In August/September 1996’s “Attack of the Mutation Monster,” Mike Barr issues the first popular-press report of drug- resistant HIV, caused by AZT monotherapy. Musing darkly, he asks whether a new epidemic of untreatable multidrug-resistant (MDR) HIV has been spawned.
FOLLOW-UP: Resistance soon materializes as a bane of the protease boom, but Barr’s worst-case scenario does not.

In May 1997’s “Who’s Afraid of Reinfection?” Mark Schoofs dares to disclose that many gay HIVers are having unprotected sex with one another. Schoofs speculates about the risk of reinfection with a second strain that may cause serious treatment complications.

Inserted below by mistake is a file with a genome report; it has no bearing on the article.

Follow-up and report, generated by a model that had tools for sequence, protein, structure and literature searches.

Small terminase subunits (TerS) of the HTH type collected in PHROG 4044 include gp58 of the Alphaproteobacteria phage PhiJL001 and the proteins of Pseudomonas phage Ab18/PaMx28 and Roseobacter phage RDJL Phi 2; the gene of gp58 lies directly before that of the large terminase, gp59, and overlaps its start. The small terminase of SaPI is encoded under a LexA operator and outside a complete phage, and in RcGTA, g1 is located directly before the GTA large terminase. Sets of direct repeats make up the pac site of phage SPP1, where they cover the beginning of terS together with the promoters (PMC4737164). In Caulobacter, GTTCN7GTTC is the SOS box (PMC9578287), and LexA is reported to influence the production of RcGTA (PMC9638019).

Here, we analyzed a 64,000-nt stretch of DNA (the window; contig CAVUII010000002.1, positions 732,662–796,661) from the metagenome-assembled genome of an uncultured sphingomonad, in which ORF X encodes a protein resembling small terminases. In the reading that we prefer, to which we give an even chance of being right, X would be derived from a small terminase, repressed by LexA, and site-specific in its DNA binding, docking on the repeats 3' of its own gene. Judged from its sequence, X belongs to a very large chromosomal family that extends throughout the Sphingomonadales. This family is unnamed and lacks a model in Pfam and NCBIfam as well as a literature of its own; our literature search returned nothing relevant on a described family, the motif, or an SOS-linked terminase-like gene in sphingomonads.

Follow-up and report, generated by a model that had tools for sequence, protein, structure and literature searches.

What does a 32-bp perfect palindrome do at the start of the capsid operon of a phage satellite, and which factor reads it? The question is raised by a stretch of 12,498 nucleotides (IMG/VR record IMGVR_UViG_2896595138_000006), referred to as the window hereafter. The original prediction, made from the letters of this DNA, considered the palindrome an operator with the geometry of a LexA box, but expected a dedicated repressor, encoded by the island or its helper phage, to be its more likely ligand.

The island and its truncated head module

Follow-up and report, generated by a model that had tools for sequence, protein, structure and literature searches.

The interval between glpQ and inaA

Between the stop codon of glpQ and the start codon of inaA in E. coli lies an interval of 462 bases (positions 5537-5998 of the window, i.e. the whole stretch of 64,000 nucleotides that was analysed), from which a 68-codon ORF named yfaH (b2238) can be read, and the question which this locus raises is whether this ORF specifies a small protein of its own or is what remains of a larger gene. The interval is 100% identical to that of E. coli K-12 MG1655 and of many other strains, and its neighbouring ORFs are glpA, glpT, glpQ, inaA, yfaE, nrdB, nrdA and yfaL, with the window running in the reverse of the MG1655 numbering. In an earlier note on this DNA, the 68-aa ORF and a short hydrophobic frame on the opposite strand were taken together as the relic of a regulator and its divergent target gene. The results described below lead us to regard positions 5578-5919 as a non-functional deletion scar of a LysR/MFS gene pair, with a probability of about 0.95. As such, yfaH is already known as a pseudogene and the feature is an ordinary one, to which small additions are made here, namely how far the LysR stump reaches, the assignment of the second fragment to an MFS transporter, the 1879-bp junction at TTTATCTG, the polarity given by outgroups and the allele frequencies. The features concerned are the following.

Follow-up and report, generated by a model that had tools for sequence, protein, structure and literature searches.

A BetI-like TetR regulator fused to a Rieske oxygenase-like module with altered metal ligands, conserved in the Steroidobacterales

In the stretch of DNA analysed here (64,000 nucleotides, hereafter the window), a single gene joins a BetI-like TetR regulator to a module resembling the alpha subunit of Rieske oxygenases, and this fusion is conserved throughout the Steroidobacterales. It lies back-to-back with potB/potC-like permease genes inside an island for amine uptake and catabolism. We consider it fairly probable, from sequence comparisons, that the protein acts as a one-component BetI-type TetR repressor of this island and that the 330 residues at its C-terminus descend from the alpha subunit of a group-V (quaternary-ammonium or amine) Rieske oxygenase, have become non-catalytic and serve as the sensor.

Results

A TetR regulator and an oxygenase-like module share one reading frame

FOLLOW-UP: Only a handful of reinfection—a.k.a. “superinfection"—cases have ever been found, though last month Frieden’s own health officials were warning of “many cases.”


In November 1999’s “Both Sides Now,” HIVer vet Stephen Gendin and his partner, Hush MacDowell, offer first-person accounts of how MacDowell contracted Gendin’s MDR virus—and became the first reported case of resistant-HIV transmission.
FOLLOW-UP: After Dr. David Ho’s ADARC first turned him away, dismissing his MDR transmission fears as unscientific, MacDowell went on to be tested and successfully treated at the clinic. Today, he remains healthy.